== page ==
How many of you have been waiting for Genesis to come out with another album? No, not the 80’s, Phil Collins-led poppy Genesis, but the Peter Gabriel proggy kind? Well, that might not happen anytime soon, but there are several musicians currently reimagining and borrowing from Chapter 1 of Progressive Rock Music History. Take Nad Sylvan’s latest album “Courting the Widow,” released last Friday. I know, Nad is quite an interesting moniker (not to mention his attire), but it is arguable that he has released the closest thing to a new Genesis album in decades. His affiliation to the remarkable band is apparent, considering his vocal role in many of Steve Hackett’s reinterpretations of Genesis songs in his latest album/tour “Genesis Revisited.” This time, Nad takes center stage in “Courting the Widow,” an album filled with amazing supporting musicians, and a nod-of-the-hat to that classic prog sound.
Having never heard of Mr. Nad before Inside Out Music gifted me an exclusive copy (thanks guys!), I did some basic research to understand who the man is. Having been the lead vocalist for band Agents of Mercy, and having worked closely with notable progressive rock musicians, Nad has been around for quite a while. Twelve years after his previous solo album “Sylvanite,” Nad has enlisted the help of bassist Nick Beggs (Steven Wilson), Rob Townsend, and even Steve Hackett himself on his latest album. Lasting over an hour long, “Courting the Widow” is an ambitious album, filled with hooks and sounds that transport me back to the 70’s. To some this may be a nostalgic welcoming, while others may regard this as merely a duplication.
The album starts with “Carry Me Home,” right away introducing soundscapes of the sea and an upbeat rhythm that belongs a part of “The Lamb Lies Down On Broadway.” Even the vocals Nad performs is reminiscent of Peter Gabriel, albeit a more nasally version. But the entire album contains more than just Genesis references, as his sound drifts into the jazzy soloing of Jethro Tull, the effect-driven synthesizers and guitars of Yes, and the spaciness of Pink Floyd. One could even say that the album is split into two halves: the first half sounding like a culmination of Genesis’ best, and a second half entirely of his own. Which leads to one of my complaints of this album: the first half might be a little too much like Genesis. I’d argue that if I really wanted to listen to Genesis, then I would listen to Genesis.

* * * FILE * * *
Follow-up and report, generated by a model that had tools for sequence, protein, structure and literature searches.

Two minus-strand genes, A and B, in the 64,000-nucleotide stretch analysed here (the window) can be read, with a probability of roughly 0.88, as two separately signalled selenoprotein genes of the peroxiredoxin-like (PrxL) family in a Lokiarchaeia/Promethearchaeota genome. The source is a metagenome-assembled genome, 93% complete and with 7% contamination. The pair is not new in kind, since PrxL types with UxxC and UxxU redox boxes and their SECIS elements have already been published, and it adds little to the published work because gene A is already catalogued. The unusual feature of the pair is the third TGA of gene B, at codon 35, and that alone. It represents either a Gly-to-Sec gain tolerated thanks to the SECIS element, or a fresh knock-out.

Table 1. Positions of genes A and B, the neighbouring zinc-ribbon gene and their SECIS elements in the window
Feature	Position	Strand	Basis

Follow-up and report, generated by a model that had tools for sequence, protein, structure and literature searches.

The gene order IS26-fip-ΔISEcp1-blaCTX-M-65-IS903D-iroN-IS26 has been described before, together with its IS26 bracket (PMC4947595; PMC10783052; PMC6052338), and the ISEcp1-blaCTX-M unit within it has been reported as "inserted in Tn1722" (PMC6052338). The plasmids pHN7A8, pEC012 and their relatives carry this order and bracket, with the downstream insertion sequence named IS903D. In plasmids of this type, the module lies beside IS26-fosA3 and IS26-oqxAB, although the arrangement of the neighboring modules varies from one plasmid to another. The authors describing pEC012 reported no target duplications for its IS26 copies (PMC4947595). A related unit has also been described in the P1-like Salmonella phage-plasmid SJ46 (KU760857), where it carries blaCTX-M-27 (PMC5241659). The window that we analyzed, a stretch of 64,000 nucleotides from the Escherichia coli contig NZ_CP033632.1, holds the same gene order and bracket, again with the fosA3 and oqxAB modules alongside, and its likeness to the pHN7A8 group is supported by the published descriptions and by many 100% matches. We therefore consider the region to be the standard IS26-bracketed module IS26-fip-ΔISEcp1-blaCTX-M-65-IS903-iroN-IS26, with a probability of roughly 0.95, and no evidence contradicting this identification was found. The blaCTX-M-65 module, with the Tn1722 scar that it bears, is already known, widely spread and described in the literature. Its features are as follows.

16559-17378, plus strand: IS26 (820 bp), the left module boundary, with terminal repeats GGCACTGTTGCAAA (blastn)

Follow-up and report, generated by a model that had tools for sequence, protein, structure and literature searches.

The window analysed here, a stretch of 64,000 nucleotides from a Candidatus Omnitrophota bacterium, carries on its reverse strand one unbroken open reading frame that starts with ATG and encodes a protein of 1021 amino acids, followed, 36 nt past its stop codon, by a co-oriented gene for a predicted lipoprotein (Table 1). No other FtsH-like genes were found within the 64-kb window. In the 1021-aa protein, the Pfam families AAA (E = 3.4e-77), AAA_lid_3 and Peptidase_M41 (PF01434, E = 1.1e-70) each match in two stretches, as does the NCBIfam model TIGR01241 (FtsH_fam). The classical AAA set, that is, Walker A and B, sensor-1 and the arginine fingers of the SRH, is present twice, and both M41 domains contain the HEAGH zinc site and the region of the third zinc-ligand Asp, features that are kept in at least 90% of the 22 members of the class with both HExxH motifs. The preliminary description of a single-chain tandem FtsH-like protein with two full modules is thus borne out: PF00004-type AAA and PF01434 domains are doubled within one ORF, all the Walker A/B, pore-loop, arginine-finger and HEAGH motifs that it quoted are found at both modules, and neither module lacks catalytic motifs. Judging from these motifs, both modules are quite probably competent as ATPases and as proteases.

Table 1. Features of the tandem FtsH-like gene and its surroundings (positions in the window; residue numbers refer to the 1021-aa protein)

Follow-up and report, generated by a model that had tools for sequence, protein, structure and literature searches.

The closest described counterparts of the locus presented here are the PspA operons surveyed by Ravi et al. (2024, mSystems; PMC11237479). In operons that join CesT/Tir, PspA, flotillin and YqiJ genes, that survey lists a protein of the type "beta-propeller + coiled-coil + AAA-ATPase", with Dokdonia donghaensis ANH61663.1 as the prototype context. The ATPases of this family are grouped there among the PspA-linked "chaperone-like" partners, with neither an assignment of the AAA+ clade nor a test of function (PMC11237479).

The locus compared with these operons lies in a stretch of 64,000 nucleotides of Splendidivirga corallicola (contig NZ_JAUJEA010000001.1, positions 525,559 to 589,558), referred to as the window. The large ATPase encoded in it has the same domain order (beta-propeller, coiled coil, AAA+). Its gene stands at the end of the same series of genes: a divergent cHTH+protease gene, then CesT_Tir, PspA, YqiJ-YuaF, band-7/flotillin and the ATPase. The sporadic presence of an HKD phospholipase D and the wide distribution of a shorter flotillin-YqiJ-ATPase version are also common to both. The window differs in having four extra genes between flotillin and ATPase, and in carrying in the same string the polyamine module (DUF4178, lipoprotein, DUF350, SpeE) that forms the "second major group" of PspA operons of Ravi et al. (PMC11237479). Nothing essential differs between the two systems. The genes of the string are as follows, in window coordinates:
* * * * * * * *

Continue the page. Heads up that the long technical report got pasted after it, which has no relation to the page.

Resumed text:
This doesn’t mean that there are no songs on the first half worth listening, since “Echoes of Ekwabet” is easily my favorite track on the entire album. With its darker synth and bass guitar intro, to the passionate vocals in the song’s chorus, and finally to the guitar solo to close off the song, “Echoes…” should be listened to by any progressive rock fan. This song leads into the 22 minute epic “To Turn The Other Side,” which in my opinion lasts far too long. My second complaint of the first half (and the album in general): it is far too long. If I’m already starting to lose interest and divert my attention by the fourth track of eight, then some changes need to be made. It’s sad because as elegant of a listen as “Courting the Widow” is, I feel most listeners will not fully absorb the album due to its size. As the album is slower overall, deemed by some as “elevator prog,” it’s easy to remember an important task like taking out the garbage or feeding the dog while listening to this album. One may attempt to play this album in the background while getting things done, but by the end of the day, one will not remember a single moment.
The second half of “Courting the Widow” separates itself from the Genesis-heavy first half. With no song lasting over eight minutes long in the second half, each song is more direct and precise. For an album lacking an overall concept or theme, I still feel a connection with the songs, whether through their gentle, melodic rhythms, the floating vocals of Nad, or the signature styles of the guest musicians. All this is heightened in the closing track “Long Slow Crash Landing.” The horn and military-style snare drumming introduction, the slow building of the song’s structure thanks to Steve Hackett’s brilliant guitar work, the soft vocals throughout the song; Despite its slower nature, it is a powerful closer that leaves the listener wanting more.
To those that are looking to relive their 70’s progressive days, then look no further than Nad Sylvan’s “Courting the Widow.” Sure, there are moments that sound eerily close to Genesis and Peter Gabriel, but that does not prevent this album from being independent. Just leave yourself a good hour to listen through it all, or else you’ll forget it all. Please support Nad Sylvan by checking out his website, and by following him on Facebook and Twitter pages for band updates.